Tuesday, March 28, 2017

Genetic Communities

Source: Ancestry. Genetic Community result.
Today Ancestry introduced its new Genetic Communities feature within AncestryDNA. So far it looks pretty cool. They are starting with 300 genetic communities to explore, hopefully more will be added in the near future. The image above shows the community for Settlers of the Shenandoah Valley and Northern Virginia from my Mom's results. This makes sense given the large concentration of ancestors who migrated from Northern Virginia through Kentucky and beyond. Surnames for this branch include Read, Whitley/Wheatley, Ballard, Heslopp, Grinstead, Warren, Matthews, Clark, among others.

Source: Ancestry. Genetic Community result.
Within each genetic community you can drill into the detail as it shows people in your tree and connects them back to regions where they may have come from. It looks fairly accurate based on the information from my tree.
Source: Ancestry. Genetic Ancestry landing page.
My Dad's results showed a match for Early Settlers of the Ohio River Valley, Indiana, Illinois and Iowa, which certainly links with my research. I like how you can visualize results from your tree within the community and how it pulls up a photo and vital information that you can click into.
Source: Ancestry. Genetic Community result.
Source: Ancestry. Genetic Community result detail.
Source: Ancestry. Genetic Community result detail.
I think our kids will really like seeing the connections visualized this way. It is also interesting to see the little differences between my results and others in the family who have tested. My sister showed up for Mexicans in Sonora and Southern Arizona, which interestingly did not appear as a genetic community when I first started digging around but did show up when I checked again a little later.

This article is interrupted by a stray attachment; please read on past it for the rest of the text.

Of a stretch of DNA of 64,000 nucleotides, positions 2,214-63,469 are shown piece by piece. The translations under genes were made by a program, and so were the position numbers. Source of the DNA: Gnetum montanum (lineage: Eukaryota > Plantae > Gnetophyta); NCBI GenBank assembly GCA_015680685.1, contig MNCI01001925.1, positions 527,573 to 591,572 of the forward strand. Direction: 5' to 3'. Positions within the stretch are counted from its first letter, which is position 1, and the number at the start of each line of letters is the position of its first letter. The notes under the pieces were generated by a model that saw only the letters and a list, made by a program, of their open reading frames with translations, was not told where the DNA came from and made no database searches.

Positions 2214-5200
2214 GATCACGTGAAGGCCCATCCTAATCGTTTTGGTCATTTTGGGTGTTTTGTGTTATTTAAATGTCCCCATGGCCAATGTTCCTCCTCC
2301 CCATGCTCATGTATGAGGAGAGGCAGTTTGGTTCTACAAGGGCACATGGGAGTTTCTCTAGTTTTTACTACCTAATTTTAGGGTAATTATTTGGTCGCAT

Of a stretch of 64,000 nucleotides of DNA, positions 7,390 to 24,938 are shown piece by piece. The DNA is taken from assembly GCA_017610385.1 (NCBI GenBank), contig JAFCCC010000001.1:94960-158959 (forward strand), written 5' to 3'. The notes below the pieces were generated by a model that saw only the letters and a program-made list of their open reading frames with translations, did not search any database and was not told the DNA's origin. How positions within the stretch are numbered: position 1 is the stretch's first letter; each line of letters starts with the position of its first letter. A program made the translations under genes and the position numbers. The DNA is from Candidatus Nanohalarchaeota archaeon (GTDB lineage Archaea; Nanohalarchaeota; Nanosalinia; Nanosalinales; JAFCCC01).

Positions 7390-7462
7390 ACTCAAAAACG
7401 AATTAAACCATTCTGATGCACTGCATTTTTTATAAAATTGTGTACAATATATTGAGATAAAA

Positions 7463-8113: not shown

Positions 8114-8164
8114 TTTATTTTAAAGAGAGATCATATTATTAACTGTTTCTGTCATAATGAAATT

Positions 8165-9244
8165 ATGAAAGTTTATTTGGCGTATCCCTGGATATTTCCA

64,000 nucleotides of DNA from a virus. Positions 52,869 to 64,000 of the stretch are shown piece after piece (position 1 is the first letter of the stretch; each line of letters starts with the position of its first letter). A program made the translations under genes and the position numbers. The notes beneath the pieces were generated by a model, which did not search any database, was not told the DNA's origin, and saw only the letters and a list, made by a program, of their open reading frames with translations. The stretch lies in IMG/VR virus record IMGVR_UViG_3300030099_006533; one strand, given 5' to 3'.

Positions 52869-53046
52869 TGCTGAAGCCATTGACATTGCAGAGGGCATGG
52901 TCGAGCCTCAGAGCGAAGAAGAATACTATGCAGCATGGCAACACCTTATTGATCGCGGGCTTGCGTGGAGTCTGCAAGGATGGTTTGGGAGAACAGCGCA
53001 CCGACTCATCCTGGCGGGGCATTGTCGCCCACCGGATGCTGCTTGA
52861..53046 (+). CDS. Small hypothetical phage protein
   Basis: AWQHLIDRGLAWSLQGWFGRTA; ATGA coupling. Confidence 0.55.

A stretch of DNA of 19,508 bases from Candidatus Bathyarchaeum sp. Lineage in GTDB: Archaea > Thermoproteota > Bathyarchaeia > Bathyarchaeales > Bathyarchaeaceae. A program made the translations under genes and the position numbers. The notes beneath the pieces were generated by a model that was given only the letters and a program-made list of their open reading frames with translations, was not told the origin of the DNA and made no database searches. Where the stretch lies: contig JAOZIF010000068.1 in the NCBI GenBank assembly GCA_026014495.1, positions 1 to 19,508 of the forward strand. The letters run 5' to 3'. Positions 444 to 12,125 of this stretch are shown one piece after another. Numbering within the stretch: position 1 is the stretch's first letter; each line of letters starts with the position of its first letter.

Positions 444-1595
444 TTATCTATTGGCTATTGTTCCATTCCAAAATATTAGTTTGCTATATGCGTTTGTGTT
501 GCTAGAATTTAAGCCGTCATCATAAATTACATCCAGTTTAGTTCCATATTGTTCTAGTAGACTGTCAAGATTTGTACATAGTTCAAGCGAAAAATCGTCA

Source: Ancestry. Genetic Community result.
Source: Ancestry. Genetic Community result.
I will be spending more time with this new tool but so far it looks fascinating.

Monday, March 27, 2017


Painting by S. Jones, 30 Sep 2016
The paintings above and below are two entries by our daughter in the 2016 Alexandria Reflections Art Contest. The theme of the contest was "What is your story/Cual es su historia?" The one above was titled "Leaves in the wind," and the one below "The long journey". She wrote "the leaves represent the places my family and I have traveled." For the second painting, she wrote "My family has come from places all over the world, so I made this for them." She won a medal for the top painting.
Painting by S. Jones. 30 Sep 2016.

Sunday, March 26, 2017

The Chairmaker's Land

US Indexed County Land Ownership Maps, Harrison County, IN 1882
Back in September 2012, I wrote about my 3rd-great-grandfather David Detrick Lamon, a farmer and chairmaker from Harrison County, Indiana. David's land appears in the 1882 US Indexed County Land Ownership Map for Scott Township, Harrison County. This matches up with a land patent issued to David in May 1845.
US Indexed County Land Ownership Maps, Ancestry.

Saturday, March 25, 2017

Free Clinic Today

Indianapolis Star, 8 Apr 1939
Following yesterday's post of an article in the Indianapolis Star from April 1939 about my great-grandfather Harry E. O'Brien, above is an advertisement for Harry's free clinic at Pearson's. It is interesting to see how Harry offered his expert services around Indianapolis over the years, working with musicians and serving clients for his glass-blown clarinet and saxophone mouthpieces.

Friday, March 24, 2017

Expert Consultation

Indianapolis Star, 7 Apr 1939
I have written quite often about my great-grandfather, Harry E. O'Brien. Here is another article from the Indianapolis Star, published on 7 April 1939, describing how Harry regularly offered consultation and advice to musicians in Indianapolis.
Indianapolis Star, 7 Apr 1939.
For a 1945 article on Harry, see this link.